By Rachel Dawson
Recent blackouts in California have demonstrated the need for reliable and affordable power. Contributing to these blackouts were sudden drops in solar and wind power, as well as unavailable spare electricity from neighboring states who were also experiencing extreme heat.
To keep blackouts at bay, our region needs to continue investing in reliable power resources, such as carbon-free hydropower which makes up 45% of electricity used in Oregon.
Unfortunately, hydropower continues to come under attack by proponents of “renewable” energy sources other than hydro. Oregon Governor Kate Brown has supported removing, or breaching, the Lower Snake River Dams operated by Bonneville Power Administration (BPA) in a letter sent to Washington’s Governor Inslee. However, the recently released Columbia River System Operations Environmental Impact Statement (EIS) shows that breaching the dams will put us one step closer to facing our own blackout.
The EIS studied how operating the Columbia and Snake River dams will affect factors like fish populations, power supply, and greenhouse gas (GHG) emissions. The preferred alternative would not breach the dams and instead would utilize a flexible spill operation for fish passage that would spill more water at times when hydropower is not valuable to meeting demand. Under this alternative, Snake River chinook and steelhead are both expected to improve their smolt-to-adult return ratio.
Increasing fish populations is the primary reason environmental groups want to breach the dams. However, billions of dollars have already been invested in safety features to improve fish populations. According to NOAA Fisheries, we are now “close to achieving, or have already achieved, the juvenile dam passage survival objective of 96 percent for yearling Chinook salmon and steelhead migrants;” and the average number of salmon “passing Lower Granite Dam over the last ten years was the highest total of the last five decades.”
Peter Kareiva, the director of UCLA Institute of the Environment and Sustainability, has stated that while the “dams have caused salmon declines…the operators of the dams have spent billions of dollars to improve the safety of their dams for salmon, and it is not certain the dams now cause higher mortality than would arise in a free-flowing river.”
By increasing the number of “spills” in the preferred alternative, hydropower generation on the river would decrease by 210 aMW with average water supply. This is estimated to raise electricity rates by 2.7% and increase GHG emissions by around 1.5%.
It is vital that we protect Oregon’s hydropower supply, especially now when other baseload resources like coal are increasingly being retired. Unlike solar and wind, hydroelectric dams produce power at all times of the day, making hydropower a great baseload power source for our region.
If hydropower is reduced, we will need another baseload source to fill the gap it leaves behind. Typically, that role falls on natural gas or coal, explaining why GHG emissions are expected to rise if BPA decreases hydropower output in the future.
According to the Columbia River System Operations EIS, energy alternatives that include breaching the dams will increase both BPA’s wholesale power rates and the risk of power outages.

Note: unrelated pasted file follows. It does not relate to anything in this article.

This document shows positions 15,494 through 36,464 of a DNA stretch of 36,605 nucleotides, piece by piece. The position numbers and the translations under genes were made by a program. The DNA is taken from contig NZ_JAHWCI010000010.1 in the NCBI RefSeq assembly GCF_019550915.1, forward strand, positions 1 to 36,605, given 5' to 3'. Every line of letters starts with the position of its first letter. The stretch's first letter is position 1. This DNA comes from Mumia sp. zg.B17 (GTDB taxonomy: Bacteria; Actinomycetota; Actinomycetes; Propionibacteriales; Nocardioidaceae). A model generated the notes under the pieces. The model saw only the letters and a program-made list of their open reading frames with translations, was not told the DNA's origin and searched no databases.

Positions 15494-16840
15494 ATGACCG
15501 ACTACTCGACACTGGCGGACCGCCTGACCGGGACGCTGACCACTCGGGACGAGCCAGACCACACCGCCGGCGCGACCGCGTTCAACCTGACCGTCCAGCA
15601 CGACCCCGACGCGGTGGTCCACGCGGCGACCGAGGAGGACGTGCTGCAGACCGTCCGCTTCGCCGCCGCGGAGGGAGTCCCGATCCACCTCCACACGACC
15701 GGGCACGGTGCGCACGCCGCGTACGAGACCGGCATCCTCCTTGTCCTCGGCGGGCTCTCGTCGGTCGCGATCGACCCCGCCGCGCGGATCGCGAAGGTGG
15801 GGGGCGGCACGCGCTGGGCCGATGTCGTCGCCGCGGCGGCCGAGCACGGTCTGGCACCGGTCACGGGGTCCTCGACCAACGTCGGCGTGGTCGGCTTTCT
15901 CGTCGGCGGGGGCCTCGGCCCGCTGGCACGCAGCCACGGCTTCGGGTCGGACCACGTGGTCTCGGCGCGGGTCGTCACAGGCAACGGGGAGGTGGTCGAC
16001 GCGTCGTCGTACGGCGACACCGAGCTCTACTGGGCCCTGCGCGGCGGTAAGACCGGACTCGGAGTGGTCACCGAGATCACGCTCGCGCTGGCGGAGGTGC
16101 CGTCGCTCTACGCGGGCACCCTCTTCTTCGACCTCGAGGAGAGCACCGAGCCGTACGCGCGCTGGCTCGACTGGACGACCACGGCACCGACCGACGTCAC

For example, breaching four lower Snake River dams would decrease hydropower generation by around 1,100 aMW of power. This would double the region’s risk of blackouts, increase wholesale power rates by up to 9.6%, and increase power related GHG emissions by up to 9% if the dams are replaced by natural gas plants. Replacing the dams with other renewable sources paired with batteries is estimated to cost $800 million every year, resulting in a 25% increase in ratepayer bills.
Oregon isn’t immune to threats of blackouts. Officials warn we may face a capacity deficit of thousands of megawatts due to planned coal plant closures, which may result in both extreme price volatility and blackouts by the mid-2020s. PGE is closing Oregon’s only coal plant in five months and will be relying on hydropower contracts to make up the difference at a time when our own Governor’s stance is using less hydropower. The power provided by BPA’s dams is vital if we want to avoid the power shortages experienced by California. Governor Brown should rescind her previous statement and support the continued use of the Snake River hydroelectric dams.
Rachel Dawson is a Policy Analyst at the Portland-based Cascade Policy Institute, Oregon’s free market public policy research organization. She can be reached at email@example.com
By John A. Charles, Jr.
Portland politicians claim to be concerned about carbon dioxide emissions and climate change. That’s why so many of them support TriMet’s proposed 12-mile light rail line from Portland to Bridgeport Village near Tigard. They think it will reduce fossil fuel use.
Their assumptions are wrong.
According to the Environmental Impact Statement (EIS) for the project, energy used during construction of the rail project will equal 5.9 trillion Btu. Much of this will be in the form of fossil fuels needed to power the heavy equipment. Additional energy will be used to manufacture the rail cars, tracks, and overhead wires.
The EIS claims that the negative environmental consequences of construction will be made up by energy saved from operations of the train. However, the operational savings are so small it would take 61 years to mitigate the carbon dioxide emissions of construction.
2035 Daily Vehicle Miles Traveled and Energy Consumption